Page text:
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Enabling HTTPS

Connections between Tailscale nodes are secured with end-to-end encryption. Browsers, web APIs, and products like Visual Studio Code are not aware of that, however, and can warn users or disable features based on the fact that HTTP URLs to your tailnet services look unencrypted since they’re not using TLS certificates, which is what those tools are expecting.

To protect a website with an HTTPS URL, you need a TLS certificate from a public Certificate Authority (CA).

This feature is currently in beta. To try it, follow the steps below to enable it for your network using Tailscale v1.14 or greater.

Configure HTTPS

To be able to provision TLS certificates for devices in your tailnet, you need to:

  1. Navigate to the DNS page of the admin console.
  2. Enable MagicDNS and add at least one “Global Nameserver”, such as 8.8.8.8 or 1.1.1.1.
  3. Navigate to the Settings page of the admin console.
  4. Under “Feature previews”, click “Configure HTTPS”.
  5. Acknowledge that your machine names and a domain alias for your tailnet will be published on a public ledger.
  6. For each machine you are provisioning with a TLS certificate, run tailscale cert on the machine to obtain a certificate.

Machine names in the public ledger

All TLS certificates on the web are recorded in the Certificate Transparency (CT) append-only public ledger, which anyone can access to verify the validity of public certificates. Notably, this includes the full domain name of your devices. To avoid publicizing your corporate domain name, email address, or GitHub username from your MagicDNS domain name, Tailscale provides you with a private domain alias.

When configuring HTTPS for the first time, you can choose a domain alias for your tailnet from an auto-generated list. If none of these combinations inspire you, click “re-roll” for more options until you find one you like. TLS certificates are only issued for those aliases. Right now, we don’t permit changing your domain alias or choosing a custom domain alias.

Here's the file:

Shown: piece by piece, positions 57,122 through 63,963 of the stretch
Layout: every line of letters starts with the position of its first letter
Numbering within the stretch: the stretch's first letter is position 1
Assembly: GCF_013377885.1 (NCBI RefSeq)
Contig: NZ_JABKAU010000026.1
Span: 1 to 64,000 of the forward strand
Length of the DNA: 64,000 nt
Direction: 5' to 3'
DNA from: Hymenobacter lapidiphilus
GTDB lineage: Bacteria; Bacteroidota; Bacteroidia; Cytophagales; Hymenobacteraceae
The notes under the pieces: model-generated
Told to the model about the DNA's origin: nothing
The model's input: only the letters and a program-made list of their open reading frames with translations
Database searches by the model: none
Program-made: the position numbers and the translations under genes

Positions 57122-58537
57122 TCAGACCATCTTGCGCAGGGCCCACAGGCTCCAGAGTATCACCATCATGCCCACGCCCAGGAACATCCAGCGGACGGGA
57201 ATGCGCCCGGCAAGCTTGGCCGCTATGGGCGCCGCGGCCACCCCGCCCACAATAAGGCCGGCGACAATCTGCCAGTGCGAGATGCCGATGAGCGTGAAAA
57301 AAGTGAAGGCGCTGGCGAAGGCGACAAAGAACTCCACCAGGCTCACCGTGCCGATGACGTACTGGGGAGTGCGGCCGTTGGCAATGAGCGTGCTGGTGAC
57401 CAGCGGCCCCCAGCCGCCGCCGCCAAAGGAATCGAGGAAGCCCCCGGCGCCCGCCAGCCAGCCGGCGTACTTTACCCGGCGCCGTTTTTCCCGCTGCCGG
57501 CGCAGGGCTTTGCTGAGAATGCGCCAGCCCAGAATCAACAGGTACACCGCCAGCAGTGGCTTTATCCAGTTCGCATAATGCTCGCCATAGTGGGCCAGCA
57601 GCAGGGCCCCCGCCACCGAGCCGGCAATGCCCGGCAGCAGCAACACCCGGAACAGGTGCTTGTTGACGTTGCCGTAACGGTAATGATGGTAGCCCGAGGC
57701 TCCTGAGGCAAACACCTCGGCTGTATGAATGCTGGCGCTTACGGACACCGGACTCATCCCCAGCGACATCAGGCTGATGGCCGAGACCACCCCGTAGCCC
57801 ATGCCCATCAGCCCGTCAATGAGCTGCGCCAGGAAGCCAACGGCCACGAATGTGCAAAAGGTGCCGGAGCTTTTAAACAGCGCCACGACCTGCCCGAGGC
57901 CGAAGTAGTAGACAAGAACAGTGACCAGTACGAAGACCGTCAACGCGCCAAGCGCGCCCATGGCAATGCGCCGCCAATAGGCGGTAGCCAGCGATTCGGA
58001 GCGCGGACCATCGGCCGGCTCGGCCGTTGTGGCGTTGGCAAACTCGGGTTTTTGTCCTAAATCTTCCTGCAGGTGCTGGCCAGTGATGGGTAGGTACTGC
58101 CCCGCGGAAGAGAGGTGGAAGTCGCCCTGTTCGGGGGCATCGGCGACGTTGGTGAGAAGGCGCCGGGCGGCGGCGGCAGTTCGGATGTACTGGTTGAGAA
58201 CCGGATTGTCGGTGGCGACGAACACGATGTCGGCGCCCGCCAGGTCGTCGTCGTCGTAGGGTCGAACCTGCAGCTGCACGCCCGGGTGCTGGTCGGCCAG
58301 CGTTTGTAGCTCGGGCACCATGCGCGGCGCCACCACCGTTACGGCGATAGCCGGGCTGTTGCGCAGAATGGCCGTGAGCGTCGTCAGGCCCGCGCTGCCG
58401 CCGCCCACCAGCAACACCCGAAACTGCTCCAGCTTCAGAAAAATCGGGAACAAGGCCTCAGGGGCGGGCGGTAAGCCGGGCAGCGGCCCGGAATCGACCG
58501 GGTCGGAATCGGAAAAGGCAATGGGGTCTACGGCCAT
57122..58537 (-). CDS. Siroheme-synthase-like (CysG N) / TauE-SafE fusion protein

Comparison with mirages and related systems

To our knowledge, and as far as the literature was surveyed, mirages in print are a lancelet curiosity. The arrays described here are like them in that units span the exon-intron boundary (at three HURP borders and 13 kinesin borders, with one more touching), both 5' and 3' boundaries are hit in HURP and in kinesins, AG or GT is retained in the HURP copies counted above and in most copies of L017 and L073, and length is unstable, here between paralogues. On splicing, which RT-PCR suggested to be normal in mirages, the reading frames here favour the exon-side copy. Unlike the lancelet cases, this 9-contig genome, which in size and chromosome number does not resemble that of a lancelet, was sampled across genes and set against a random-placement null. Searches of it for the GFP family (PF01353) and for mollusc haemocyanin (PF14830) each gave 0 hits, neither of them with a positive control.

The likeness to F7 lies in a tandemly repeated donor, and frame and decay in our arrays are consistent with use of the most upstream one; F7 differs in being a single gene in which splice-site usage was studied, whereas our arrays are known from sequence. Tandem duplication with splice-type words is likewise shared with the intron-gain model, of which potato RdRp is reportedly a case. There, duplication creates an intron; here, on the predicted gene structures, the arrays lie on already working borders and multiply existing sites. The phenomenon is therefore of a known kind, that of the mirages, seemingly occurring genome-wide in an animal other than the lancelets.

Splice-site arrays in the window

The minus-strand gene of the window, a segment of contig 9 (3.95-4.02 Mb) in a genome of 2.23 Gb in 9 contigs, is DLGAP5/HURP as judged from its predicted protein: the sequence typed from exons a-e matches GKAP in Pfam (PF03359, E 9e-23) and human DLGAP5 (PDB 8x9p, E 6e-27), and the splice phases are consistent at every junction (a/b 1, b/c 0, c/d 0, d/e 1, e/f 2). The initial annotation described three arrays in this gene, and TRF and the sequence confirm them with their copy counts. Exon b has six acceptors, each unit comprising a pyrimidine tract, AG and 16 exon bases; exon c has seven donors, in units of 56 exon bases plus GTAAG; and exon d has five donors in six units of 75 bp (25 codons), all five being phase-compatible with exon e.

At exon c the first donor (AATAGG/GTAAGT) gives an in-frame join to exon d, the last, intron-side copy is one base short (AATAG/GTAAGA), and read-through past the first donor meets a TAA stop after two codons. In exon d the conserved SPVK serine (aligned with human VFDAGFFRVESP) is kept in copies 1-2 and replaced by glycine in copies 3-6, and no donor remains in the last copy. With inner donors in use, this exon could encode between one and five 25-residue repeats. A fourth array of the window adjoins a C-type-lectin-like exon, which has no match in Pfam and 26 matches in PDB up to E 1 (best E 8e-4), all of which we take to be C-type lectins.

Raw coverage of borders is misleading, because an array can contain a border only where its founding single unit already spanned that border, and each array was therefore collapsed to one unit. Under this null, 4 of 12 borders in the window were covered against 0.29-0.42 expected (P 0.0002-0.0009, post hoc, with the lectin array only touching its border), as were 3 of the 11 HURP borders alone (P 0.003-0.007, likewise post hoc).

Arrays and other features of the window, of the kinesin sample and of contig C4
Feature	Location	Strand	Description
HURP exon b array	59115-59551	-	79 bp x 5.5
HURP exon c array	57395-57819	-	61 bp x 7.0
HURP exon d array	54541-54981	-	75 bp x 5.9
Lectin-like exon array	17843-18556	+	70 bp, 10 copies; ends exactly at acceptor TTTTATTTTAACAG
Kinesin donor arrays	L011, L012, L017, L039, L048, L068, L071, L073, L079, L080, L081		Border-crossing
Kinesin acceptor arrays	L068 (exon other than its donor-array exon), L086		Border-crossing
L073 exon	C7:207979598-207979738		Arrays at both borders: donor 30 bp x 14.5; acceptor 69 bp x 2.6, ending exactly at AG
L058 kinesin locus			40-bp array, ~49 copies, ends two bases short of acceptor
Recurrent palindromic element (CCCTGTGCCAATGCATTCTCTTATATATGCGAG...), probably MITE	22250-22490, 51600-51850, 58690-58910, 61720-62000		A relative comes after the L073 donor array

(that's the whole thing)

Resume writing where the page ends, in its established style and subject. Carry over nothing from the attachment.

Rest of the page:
Although the certificate domain obscures the owner of the tailnet, the machine names are still published in the public ledger. Do not enable the HTTPS feature if any of your machine names contain sensitive information.

The public ledger only provides information about the names of the TLS certificates; access to your devices is still restricted by Tailscale as normal.

To summarize, the domain name that gets published on the public ledger is composed as follows:

monitoring.yak-bebop.ts.net where 'monitoring' is the machine-name, 'yak-bebop' is the domain alias, and 'ts.net' is a suffix

You cannot obtain an HTTPS URL to navigate to a bare hostname, such as https://machine-name. If you obtain a TLS certificate for a node using MagicDNS, it will accessible at both https://machine-name.domain-alias.ts.net, using HTTPS, and also at http://machine-name, without HTTPS but using MagicDNS as a DNS nameserver.

Provision TLS certificates for your devices

Using tailscale cert (with sudo as needed), Tailscale will automatically request a certificate for this machine on this domain, using Let’s Encrypt (https://letsencrypt.org/). Tailscale creates a *.ts.net DNS TXT record for your nodes to complete their DNS-01 challenges. If you’re using Go, the tailscale.com/client/tailscale.GetCertificate function implements the tls.Config.GetCertificate to do it all automatically. Your certificate’s private key and your LetsEncrypt (ACME) account’s private key are generated and stored locally on your machine and Tailscale never sees them.

Either methods renew certificates as needed, before their 90 day expiry. A certificate is automatically requested for renewal within the weeks before its expiry, when a certificate is fetched.

Disable HTTPS

You can disable HTTPS for your tailnet, but this will break all links and connections that relied on HTTPS.

To disable HTTPS for your tailnet:

  1. Navigate to the Settings page of the admin console.
  2. Under “Feature previews”, click “Disable HTTPS”.

If HTTPS is disabled, the certificates for your machines are not revoked. This is so that you can re-enable the feature again for your tailnet if needed. You also cannot invalidate a certificate for a single machine.

If you want to re-enable HTTPS, you can choose between the same domain alias that was picked the first time and a generic one.

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